and another limitation is the dependence on public gateways. which makes 6to4 slower and less reliable than other forms of IPv6 connectivity. Note that Windows Vista (and Windows XP with IPv6 enabled) have 6to4 enabled by default when the system has a public IPv4 address. so hosts behind NAT can't do 6to4 tunneling. and 6to4 automatic tunneling. only public IPv4 addresses can be used for 6to4. Because every 6to4-derived IPv6 address maps to an IPv4 address. However. it's easy for a system that understands 6to4 to tunnel the IPv6 packets to the right place over IPv4. If you're serious about IPv6. If your ISP offers this service. 6to4 is also relatively easy to turn on with Mac OS X and BSD/Linux. . The same is true for the new Airport Extreme. There are several tunneling techniques. With 6to4.Note that there's no requirement that your ISP supports the new protocol in order to use IPv6: an IPv6-enabled router or a host itself can use a tunnel to reach the IPv6 Internet. a host or router can create a range of IPv6 addresses from its IPv4 address. and has the added bonus that it comes with built-in IPv6 address space. but one of the many tunnel brokers is a good alternative. which will send out router advertisements with its 6to4 IPv6 address prefix so hosts connected to it will configure an IPv6 address and be tunneled over 6to4 by the router. but the most common ones are "manual" IPv6 in IP tunnels where the exact path of the tunneled IPv6 packets is set up through manual configuration. 6to4 is easy to use because it doesn't require any configuration. 6to4 addresses are easily recognizable because they always start with 2002. Gateways make it possible for native IPv6 systems to communicate with 6to4 systems. that's the best choice to avoid unnecessary tunnel detours. you'll want to set up a manual tunnel.

so you may actually run into it one of these days. Communication over the Internet requires addresses. which dances if you connect over IPv6. Linux and BSD will use IPv6 when available on the system. IPv6 and the future of home networking Although stateless autoconfig works very differently from DHCP.apnic. Multihoming means connecting to more than one ISP at the same time. but Firefox on the Mac has IPv6 turned off in about:config. we'll probably see a new class of home firewall products that allow more granular blocking of services and devices in a home IPv6 network than either block incoming sessions or allow everything. this is added to the DNS with an AAAA (quad-A) record. Hosts that only have IPv4 connectivity ignore the AAAA records. and use IPv4 if there's no AAAA record in the DNS or connecting over IPv6 doesn't work. The abundance of address space also makes it possible to have separate subnetworks for different purposes. Their mascot is a turtle.4. And we still have a lot to look forward to: the IETF is currently working on mobility and multihoming extensions to IPv6. turning off IPv6 can make surfing the web a lot faster. so that when one fails. keep your eye out for IPv6 because if overlooked. KAME is a Japanese project that built an IPv6 networking stack for BSD and Mac OS. APNIC is responsible for giving out IP addresses in the Asia-Pacific region. continue over wireless service and then finish at work. which will be helpful as more and more devices connect to the network. IPv6 could allow things that are blocked over . You can see if your computer has working IPv6 connectivity by connecting to www. In these cases. and their web site will tell you your IP address (IPv4 or IPv6) in the top left corner of the page. but dual stack hosts ask the DNS for both the A and AAAA records. it's now showing up in more and more places. communication sessions automatically move over to the other. So a VoIP call could start on your home network. They will then generally prefer to connect to a destination over IPv6 if possible. because with IPv4. which creates a problem with some (increasingly rare) buggy DNS servers that return an error after an AAAA query. Some applications and/or OSes always ask for AAAA records when IPv6 is turned on. Mobility means moving from one network to another while keeping the same IP address. like we have in today's first IPv6 home routers. If you're working on security. Firewalling is a bit different. The DNS takes care of the difference by having one or more A (address) records that contain an IPv4 address associated with a given name. Safari on Mac OS X 10. modem or gateway so they can connect to the 'Net without manual intervention. Internet Explorer under Windows. most people don't have the option to keep their network completely open.Systems with IPv6 connectivity (regardless of the type) decide whether to use IPv4 or IPv6 to reach a destination by consulting the DNS. Moral of the story Although IPv6 is taking its sweet time to conquer the world.kame. When IPv6 takes but we generally work with domain or www. If a system also has an IPv6 address. and Firefox under Windows. in practice IPv6 works much the same as IPv4 in a home network: computers and other devices automatically get an address from a router.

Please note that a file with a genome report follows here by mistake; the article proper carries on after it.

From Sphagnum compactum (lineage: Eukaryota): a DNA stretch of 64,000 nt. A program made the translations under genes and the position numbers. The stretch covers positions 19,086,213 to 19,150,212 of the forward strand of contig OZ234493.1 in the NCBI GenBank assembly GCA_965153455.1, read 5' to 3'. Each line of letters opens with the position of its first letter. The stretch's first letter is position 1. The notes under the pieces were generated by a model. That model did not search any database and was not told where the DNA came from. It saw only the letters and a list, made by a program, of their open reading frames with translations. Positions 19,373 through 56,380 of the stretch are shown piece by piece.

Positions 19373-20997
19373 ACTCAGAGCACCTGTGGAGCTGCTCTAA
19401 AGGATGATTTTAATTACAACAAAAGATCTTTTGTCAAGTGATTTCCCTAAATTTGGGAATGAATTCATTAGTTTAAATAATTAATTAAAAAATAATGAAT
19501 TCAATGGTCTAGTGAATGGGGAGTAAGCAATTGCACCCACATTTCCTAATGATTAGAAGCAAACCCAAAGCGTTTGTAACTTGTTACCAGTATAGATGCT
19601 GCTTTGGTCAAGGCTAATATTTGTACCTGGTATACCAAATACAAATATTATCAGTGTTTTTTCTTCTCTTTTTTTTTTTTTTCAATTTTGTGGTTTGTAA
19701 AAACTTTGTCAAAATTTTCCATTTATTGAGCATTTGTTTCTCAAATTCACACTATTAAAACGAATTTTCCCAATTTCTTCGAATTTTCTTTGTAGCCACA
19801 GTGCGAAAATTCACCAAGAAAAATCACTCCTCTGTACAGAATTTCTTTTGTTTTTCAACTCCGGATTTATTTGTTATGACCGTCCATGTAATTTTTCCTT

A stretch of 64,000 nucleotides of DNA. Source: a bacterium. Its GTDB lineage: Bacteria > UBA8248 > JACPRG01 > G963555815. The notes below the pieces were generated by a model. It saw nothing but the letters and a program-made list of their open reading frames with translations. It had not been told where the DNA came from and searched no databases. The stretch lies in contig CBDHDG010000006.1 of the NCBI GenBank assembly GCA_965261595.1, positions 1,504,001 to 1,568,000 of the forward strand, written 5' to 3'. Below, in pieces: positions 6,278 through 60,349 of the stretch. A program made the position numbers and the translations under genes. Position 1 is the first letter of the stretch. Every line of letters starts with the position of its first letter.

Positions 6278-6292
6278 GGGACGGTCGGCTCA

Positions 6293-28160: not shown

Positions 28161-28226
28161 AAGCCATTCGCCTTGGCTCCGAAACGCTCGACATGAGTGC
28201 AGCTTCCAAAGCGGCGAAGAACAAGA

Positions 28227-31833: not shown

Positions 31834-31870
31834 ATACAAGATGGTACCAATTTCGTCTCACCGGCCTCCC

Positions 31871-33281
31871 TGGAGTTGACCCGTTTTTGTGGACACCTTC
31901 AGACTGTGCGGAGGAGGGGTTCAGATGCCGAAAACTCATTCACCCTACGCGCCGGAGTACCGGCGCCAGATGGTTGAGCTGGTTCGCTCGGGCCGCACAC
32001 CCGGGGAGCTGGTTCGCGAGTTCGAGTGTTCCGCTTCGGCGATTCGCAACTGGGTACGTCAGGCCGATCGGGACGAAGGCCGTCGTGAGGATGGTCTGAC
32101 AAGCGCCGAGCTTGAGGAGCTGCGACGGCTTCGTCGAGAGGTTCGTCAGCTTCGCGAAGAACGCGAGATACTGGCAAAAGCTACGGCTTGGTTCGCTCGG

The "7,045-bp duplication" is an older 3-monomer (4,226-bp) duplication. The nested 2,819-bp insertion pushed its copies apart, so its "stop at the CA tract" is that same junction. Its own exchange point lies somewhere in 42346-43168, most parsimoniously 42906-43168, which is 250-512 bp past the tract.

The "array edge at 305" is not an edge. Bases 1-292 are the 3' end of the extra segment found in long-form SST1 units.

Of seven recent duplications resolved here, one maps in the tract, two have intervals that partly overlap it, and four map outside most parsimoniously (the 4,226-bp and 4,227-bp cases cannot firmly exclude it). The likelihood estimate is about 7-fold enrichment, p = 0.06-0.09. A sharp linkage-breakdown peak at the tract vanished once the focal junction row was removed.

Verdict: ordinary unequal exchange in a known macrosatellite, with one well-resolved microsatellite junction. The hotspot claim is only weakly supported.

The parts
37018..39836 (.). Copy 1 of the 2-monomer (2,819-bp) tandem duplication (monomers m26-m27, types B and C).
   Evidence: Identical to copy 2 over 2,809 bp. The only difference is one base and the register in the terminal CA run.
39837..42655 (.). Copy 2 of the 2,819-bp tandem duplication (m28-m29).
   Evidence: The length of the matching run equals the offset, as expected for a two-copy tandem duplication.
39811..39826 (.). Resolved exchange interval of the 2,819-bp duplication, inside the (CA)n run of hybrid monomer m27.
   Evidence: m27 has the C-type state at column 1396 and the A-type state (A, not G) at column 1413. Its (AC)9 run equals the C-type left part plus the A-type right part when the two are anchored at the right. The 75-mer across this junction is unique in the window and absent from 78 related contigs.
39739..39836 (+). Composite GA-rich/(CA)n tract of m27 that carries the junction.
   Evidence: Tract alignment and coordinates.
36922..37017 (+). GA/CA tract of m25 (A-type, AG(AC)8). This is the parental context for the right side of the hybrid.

you may want to make sure that if it doesn't do IPv6 today. . it's at least upgradable. And if you're buying expensive equipment. And it never hurts to experiment a bit with the new protocol so you know how it works by the time you need it. so you can still use your gear if IPv6 picks up more quickly than expected as IPv4 addresses run out.IPv4.